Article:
Holding management overnight is an extreme, though not
entirely uncommon, tactic in French industrial disputes
and first rose to prominence during the 1968 revolt by
students and workers.

Traditionally, workers have entered into discussion
with employers over job losses and other hot-button
issues like pay and benefits. If discussion failed
there, was always the nuclear option: a strike. With
workers being laid off, strikes are not possible - thus
the more extreme measures.

The protests are symbolic in nature, intended to draw
attention to workers' plight, says Zander Wedderburn, a
labor union expert and professor emeritus at Heriot-
Watt University in Edinburgh.

"In a way they're fighting against a global recession -
they're not going to shoot the guys, they're looking
for a headline to get support from the public and
attention from politicians.

"There is a structural problem in the economy and
occupations won't change that," said Professor

The 100 former workers who spent the night at the Visteon plant in Belfast
are already gaining support from both ends of the local political spectrum.

Gerry Adams, president of the Irish republican political party Sinn Féin
and member of parliament for West Belfast, home to many of the protesters,
spoke at the site on Wednesday, saying Ford had a "moral responsibility" to
the workers. Northern Ireland's
enterprise minister, Arlene Foster from the pro-British Democratic Unionist
party, said politicians must help the manufacturing sector.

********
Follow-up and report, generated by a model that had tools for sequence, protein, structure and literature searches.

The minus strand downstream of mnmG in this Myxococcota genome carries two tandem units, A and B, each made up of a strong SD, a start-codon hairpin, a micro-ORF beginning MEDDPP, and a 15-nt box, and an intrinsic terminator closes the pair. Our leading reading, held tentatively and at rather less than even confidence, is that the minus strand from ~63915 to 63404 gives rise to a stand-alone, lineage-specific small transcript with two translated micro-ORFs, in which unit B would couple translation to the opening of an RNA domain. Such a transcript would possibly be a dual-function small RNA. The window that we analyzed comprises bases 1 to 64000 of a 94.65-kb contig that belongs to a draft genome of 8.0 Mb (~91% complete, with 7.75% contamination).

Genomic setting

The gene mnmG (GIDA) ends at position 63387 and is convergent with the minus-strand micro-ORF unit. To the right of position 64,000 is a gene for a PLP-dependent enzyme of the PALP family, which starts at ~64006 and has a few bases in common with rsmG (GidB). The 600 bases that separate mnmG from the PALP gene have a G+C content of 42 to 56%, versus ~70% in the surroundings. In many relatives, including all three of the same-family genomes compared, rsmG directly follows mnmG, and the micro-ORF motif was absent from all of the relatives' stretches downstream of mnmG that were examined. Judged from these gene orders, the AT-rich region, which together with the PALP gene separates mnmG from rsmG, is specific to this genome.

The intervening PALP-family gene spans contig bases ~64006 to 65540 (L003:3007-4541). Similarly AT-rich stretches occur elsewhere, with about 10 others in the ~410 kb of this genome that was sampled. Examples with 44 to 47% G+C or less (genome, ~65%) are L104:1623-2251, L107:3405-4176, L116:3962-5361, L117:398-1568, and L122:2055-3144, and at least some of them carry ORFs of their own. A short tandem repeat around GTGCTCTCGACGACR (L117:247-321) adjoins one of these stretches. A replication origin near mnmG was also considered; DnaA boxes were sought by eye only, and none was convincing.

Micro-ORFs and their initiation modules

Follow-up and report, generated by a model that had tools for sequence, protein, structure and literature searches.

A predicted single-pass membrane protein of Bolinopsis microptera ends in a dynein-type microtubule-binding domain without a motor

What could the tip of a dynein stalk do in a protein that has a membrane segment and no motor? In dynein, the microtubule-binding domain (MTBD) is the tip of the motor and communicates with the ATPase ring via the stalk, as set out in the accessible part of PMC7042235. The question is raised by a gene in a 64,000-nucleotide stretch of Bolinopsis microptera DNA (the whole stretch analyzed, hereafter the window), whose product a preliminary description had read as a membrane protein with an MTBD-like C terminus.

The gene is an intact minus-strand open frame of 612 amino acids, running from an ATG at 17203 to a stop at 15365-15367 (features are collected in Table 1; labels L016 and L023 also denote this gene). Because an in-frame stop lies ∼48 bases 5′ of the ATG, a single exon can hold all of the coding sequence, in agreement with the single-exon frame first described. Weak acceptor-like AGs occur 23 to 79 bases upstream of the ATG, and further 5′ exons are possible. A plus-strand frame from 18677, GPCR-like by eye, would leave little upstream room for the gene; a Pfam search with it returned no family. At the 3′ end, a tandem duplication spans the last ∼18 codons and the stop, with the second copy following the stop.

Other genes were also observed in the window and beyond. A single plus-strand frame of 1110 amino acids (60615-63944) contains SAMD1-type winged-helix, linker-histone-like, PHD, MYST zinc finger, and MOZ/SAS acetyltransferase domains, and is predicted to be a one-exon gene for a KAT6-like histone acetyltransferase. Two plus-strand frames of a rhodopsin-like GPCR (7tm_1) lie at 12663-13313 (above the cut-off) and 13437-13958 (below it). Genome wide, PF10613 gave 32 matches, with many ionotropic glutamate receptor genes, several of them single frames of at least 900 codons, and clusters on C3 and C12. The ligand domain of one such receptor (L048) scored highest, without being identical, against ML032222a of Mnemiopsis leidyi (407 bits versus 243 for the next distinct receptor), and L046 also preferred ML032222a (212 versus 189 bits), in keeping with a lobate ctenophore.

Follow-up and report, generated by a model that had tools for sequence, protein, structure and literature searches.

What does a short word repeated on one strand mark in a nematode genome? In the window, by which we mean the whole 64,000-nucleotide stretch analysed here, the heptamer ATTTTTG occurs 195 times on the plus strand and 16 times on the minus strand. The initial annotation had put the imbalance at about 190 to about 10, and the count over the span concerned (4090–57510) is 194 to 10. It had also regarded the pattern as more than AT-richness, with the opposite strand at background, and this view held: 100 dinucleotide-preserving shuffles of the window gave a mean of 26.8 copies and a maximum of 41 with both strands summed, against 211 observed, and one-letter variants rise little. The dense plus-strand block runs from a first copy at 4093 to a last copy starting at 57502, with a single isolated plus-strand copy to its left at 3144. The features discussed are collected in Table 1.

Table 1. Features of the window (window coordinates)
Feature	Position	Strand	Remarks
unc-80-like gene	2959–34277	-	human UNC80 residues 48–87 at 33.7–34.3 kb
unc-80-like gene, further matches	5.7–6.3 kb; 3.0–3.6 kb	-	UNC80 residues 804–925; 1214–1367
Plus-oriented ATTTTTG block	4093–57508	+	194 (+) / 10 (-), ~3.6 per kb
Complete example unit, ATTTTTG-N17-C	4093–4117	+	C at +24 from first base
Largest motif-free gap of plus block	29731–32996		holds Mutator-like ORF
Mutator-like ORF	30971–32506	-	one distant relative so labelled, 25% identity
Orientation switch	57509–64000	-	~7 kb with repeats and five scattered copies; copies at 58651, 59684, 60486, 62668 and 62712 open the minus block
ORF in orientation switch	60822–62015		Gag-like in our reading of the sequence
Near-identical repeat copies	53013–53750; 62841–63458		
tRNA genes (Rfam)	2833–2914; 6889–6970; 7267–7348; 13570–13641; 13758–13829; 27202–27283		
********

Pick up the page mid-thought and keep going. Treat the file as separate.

Workers in Visteon's two plants in Britain also attempted occupations
Wednesday. Fifty people are protesting inside a plant at Basildon, Essex,
while others are protesting outside a plant in Enfield, London.

Jane Gunn, founder of the mediation firm Corporate Peacemakers, says that
the actions are driven by a sense of desperation.

"The psychology of it is that people in conflict lack a feeling of power
over their circumstances," she says. "It isn't outcome-driven, it's a way of
regaining power and influence in a psychological sense.

"There are two fundamental things people are asking for in any relationship:
'Do I matter?' and 'Am I heard?' The underlying feeling is one of lack of

Roger Maddison, automotive sector spokesperson for the union Unite, said
that workers are not sufficiently protected by British law.

"We are bitterly disappointed with today's news," he commented Tuesday.
"Within minutes, these workers' working world collapsed around them. Once
again we see how cheap and easy it is to sack UK workers. One minute, they
were working, but six minutes later they were jobless, pensionless, and
looking at the state basic in redundancy pay as their company was placed
into administration. This is no way to treat a loyal workforce."

Unite, the largest union in Britain, is the British arm of Workers Uniting,
the largest private sector union in the USA and Canada.

"The free market is perfectly natural... do you think I am some kind of
dummy?" — Jarvis Cocker

"The basis of optimism is sheer terror" — Oscar Wilde